Technology Hitting the Bar Scene
Westminster University benefits from tabletop computers.
Dave Friedlos, Computing 12 Sep 2006
A trial of interactive computers that allow customers to order drinks from their seats has generated record revenue at Westminster University’s student bar Intermission.
Touchscreen computers, similar to those launched at the Ministry of Sound nightclub recently (Computing, 24 August), are embedded into the table and allow customers to order drinks, play games and flirt electronically by sending gifts to other tables.
Student union vice president of communications Rayhan Omar says the system will go live when the new term starts next week.
‘We held a trial event to identify any potential problems, but instead took £5,000 at the bar from a crowd of 500,’ he said.
The computers are differences from those installed at the Ministry of Sound and include the ability to order taxis, communicate with the university radio station to make music requests and receive information about the union’s activities.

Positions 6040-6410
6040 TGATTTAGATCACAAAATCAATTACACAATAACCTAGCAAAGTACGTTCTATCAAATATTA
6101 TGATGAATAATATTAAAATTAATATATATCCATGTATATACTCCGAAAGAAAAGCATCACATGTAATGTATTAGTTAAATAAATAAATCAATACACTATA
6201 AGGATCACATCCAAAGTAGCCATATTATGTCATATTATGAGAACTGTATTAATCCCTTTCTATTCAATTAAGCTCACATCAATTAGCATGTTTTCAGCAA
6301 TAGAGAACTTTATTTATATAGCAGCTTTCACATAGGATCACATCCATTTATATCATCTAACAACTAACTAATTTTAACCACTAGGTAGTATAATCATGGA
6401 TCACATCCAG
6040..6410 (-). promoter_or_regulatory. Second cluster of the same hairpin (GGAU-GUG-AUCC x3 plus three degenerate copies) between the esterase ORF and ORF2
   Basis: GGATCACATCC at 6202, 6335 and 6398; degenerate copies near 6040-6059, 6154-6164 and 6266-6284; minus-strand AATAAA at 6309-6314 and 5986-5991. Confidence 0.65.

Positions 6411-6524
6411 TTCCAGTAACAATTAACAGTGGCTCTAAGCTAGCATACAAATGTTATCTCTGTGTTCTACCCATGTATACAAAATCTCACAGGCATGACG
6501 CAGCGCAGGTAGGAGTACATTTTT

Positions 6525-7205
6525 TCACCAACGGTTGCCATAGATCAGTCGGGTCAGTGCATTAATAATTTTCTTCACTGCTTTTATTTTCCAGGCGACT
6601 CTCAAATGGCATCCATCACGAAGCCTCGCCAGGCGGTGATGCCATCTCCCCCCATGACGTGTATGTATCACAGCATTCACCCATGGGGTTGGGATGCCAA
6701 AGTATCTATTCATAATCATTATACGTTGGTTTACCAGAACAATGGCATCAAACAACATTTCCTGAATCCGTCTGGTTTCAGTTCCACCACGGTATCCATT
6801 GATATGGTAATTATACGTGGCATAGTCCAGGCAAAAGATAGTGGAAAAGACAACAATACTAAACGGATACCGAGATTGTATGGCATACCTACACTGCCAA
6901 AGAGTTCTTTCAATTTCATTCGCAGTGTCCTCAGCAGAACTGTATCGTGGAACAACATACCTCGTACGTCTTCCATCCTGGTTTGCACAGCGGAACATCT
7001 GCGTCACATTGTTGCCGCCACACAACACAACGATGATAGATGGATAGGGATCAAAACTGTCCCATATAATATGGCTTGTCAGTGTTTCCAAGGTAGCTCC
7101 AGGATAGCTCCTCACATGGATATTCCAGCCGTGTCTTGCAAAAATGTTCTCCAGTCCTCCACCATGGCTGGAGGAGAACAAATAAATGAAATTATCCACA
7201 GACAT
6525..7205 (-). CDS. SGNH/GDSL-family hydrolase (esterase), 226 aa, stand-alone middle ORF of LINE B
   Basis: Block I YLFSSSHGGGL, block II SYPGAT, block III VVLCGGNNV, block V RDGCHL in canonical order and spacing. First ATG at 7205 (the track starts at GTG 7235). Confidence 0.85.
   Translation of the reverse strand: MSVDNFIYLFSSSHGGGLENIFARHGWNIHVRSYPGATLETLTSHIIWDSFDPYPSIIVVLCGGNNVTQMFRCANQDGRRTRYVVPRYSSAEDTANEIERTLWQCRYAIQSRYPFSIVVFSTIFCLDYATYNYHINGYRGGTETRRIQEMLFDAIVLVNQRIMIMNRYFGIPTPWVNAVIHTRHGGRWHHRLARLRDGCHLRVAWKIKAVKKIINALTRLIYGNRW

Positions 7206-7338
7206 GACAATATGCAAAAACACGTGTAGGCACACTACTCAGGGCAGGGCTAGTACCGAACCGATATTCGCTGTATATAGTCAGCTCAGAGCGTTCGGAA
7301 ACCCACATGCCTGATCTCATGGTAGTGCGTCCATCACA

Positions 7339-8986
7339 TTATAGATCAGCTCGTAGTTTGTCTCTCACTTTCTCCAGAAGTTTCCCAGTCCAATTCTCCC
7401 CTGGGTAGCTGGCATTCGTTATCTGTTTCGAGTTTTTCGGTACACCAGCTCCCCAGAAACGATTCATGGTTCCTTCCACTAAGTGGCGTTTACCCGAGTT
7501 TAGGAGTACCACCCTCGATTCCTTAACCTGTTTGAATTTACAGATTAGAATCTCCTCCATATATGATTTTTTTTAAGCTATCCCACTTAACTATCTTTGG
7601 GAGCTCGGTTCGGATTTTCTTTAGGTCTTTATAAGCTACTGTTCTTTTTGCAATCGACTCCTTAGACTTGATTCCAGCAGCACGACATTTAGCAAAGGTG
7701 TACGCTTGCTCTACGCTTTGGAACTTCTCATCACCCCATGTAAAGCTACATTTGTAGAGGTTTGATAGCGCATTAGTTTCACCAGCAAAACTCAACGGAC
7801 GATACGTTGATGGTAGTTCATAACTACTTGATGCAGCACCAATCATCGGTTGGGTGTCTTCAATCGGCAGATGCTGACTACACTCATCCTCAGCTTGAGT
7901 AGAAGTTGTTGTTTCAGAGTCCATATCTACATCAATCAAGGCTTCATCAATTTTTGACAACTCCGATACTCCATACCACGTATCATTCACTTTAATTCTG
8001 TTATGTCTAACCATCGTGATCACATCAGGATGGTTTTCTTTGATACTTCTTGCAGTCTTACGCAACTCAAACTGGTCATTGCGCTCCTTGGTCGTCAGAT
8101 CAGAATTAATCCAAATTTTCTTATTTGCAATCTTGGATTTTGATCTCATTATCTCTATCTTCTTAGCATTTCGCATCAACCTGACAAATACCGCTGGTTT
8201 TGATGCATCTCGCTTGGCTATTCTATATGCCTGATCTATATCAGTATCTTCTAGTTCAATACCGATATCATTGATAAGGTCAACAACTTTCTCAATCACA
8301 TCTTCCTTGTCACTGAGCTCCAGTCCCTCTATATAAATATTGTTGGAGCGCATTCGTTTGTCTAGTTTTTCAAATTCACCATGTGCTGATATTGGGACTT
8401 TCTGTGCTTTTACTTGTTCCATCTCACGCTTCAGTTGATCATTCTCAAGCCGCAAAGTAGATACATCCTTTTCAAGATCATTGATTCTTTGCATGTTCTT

The computers could generate additional revenue, Omar says, as people don’t have to queue for drinks and the bar can charge for some games and quizzes.
Customers can also use a debit card to pay for a radio frequency identification (RFID) card that they can wave in front of any tabletop computer to buy extra drinks.
Intermission shares revenue generated by the screens with vendor Escapism, which provided the computers for free, as transactions are processed by separate tills.
Analyst Verdict Research consulting director Neil Saunders says the technology could help streamline service and prove convenient for customers who are often deterred from buying more drinks because of large crowds.